That must have been really, really bad water – last week we were down in the French Quarter with our dogs, and Isaac the yellow lab would drink the nasty horrid stuff from the gutters every chance he got. And yes, we provided them with decent water, and he drank it as well. I guess he must have a serious immune system, because he seems entirely unharmed by the gunk from the gutters!

We’re actually doing that this year. Not only has it killed off the Creeping Charlie that was taking over the lawn, but they have told us many times that rain and/or watering the lawn actually makes the treamtment MORE effective, not less.

The one that my husband and I go back and forth on is… aluminum foil. Why should I spend so much more money on Reynolds brand when the generic is the same damned thing?

Actually, they can be less accurate. Many high end watches are mechanical (hand wound) or automatice (self-winding) which are generally less accurate than quartz.

But I plan on buying a nice watch fairly soon. I’m attracted to the engineering of the watch. I fully realize that a quartz model is better for accuracy, but I’m drawn to other aspects of the watch.

I agree with you on Starbucks. It’s bad coffee, brewed way too strong. I always select the “Breakfast Blend” which is ostensibly a mild coffee, but even that is more bitter than most normal coffee.

As for expensive watches, it’s just jewelery. People wear them for the bling-bling factor.

Crikey, yes! I long ago stopped being impressed by high street clothing, usually poorly made and in some sweatshop in Rumania. The last time I was in one of the posh boutiques in Kensington, I was looking at some of the ‘one of a kind’ dresses that were poorly sewn (uneven hems, loose threads everywhere, cheap materials – I’ve seen dolls’ clothes of better quality!) I stick almost exclusively to second hand and charity shops – amazing things show up there, and sometimes I will buy name brands and high street designers, but I’d rather pay 5 quid than 500 quid for them!

What’s really silly is the recent fad to buy designer clothes that look like thrift store clothes. So you pay almost a hundred dollars to look like a slob?

This one can be highly subjective. I go for certain brands–even particular styles that those manufacturers make–of jeans because I know they will fit the way I like. Fit is important to me, they’re not just there to cover my legs.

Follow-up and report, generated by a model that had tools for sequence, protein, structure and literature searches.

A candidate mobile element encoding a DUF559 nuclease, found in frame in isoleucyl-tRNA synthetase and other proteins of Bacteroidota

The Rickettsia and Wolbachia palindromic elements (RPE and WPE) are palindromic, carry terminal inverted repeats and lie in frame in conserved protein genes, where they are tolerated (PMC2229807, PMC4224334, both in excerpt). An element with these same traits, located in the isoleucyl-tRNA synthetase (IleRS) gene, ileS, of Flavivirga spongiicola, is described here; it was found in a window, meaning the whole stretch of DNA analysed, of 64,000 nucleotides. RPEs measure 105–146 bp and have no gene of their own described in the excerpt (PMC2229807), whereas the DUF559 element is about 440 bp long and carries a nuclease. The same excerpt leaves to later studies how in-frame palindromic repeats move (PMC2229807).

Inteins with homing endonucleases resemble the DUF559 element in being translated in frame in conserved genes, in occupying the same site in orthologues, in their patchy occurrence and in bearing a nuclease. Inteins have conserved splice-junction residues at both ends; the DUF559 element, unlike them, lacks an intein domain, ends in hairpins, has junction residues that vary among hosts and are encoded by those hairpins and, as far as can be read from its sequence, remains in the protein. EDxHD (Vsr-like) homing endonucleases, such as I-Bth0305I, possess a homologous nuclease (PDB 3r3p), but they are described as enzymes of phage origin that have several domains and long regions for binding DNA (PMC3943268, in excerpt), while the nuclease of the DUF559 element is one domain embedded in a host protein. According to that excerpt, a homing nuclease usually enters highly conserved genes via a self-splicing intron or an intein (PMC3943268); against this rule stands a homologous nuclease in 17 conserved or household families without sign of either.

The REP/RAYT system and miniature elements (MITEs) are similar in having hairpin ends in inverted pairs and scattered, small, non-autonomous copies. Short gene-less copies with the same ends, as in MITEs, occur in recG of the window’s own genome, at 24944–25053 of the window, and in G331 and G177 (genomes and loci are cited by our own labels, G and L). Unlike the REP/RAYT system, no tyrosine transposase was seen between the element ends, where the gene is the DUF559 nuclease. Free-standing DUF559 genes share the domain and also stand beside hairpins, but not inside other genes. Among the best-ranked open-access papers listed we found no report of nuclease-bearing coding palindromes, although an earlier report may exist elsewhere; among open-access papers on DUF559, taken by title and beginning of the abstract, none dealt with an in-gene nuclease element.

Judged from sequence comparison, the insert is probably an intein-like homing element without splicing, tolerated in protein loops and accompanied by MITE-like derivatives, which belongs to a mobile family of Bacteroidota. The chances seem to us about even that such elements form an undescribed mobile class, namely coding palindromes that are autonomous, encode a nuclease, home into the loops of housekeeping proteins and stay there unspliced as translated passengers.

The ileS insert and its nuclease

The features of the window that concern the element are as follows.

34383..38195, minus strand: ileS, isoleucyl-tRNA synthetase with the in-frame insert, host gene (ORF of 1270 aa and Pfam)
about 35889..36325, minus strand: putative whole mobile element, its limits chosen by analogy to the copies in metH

As for more formal wear it seems like once in awhile someone does a reality check and they have a sale at more realistic prices. I just bought a pair of Barker shoes for $65 USD; I think that was like a 75% discount. They look good and they look like they’ll last a lifetime.

You have a point here. One of the ways of distinguishing mined emeralds, sapphires, or rubies from their synthetic counterparts is to detect irregularities in the stone. Sapphires will often have bands of lighter and darker color, generally along the length of an oval or oblong stone. Natural emeralds are rarely perfectly clear.

On the other hand, a natural diamond has a certain mystique to it, formed by titanic forces in the depths of the Earth. Only with a mined diamond can you truly demonstrate your feelings for the one you love…go out and buy diamonds…go out and buy diamonds…go out and buy diamonds…your eyelids are getting heavy…:smiley:

Can’t say I like crabgrass/Bermuda any better than other types, but really, what’s so bad about clover and dandelion?

I would add “weedless lawn” to the heavily-marketed things, to the point where sometimes you are forced to do so by your association! To me, nearly any weed looks better than a pristine lawn, which however, I would admit looks better than a mostly dirt or brown lawn.

Any discussion of why people do things which excludes aesthetics is worthless, and most of you are ignoring aesthetics. But if we’re going to ignore aesthetics, how about:

EXPENSIVE PAINTINGS: The Mona Lisa is worth millions, but I can buy a piece of artist’s canvas and my daughter can draw a picture of mommy on it, and it only costs me a couple of bucks!

So keep in mind that aesthetic concerns are very important to people. With that in mind, here’s my .02 on these:

Bottled water (and Starbucks below) comes in the category of convenience. I know bottled water is no better than what I get from my tap, and it’s a lot more money. So why do I buy it occasionally? Because I’m thirsty and I’m not near my tap. Because I want to carry some water with me. Because I’m away from home and don’t trust the local water supply. In some places, because the tap water tastes bad.

Again, it’s partly convenience. If my time is worth $30/hr, and it takes me 15 minutes to brew my own coffee, then I’m way ahead of the game if I just grab a Starbucks on my way to work. The time/value of money is an important factor here. Plus, some people genuinely like it more than other coffees.

Anyone who can’t tell the difference between a $500 stereo and a well-designed $5,000 stereo isn’t just getting old - they’re deaf. As you age, you do lose a little high frequency response. But great stereo systems are about a lot more than frequency response. There is dynamic range, lack of audible distortion, the ability to move large quantities of air from big speakers to give bass a visceral impact, lack of coloration, etc.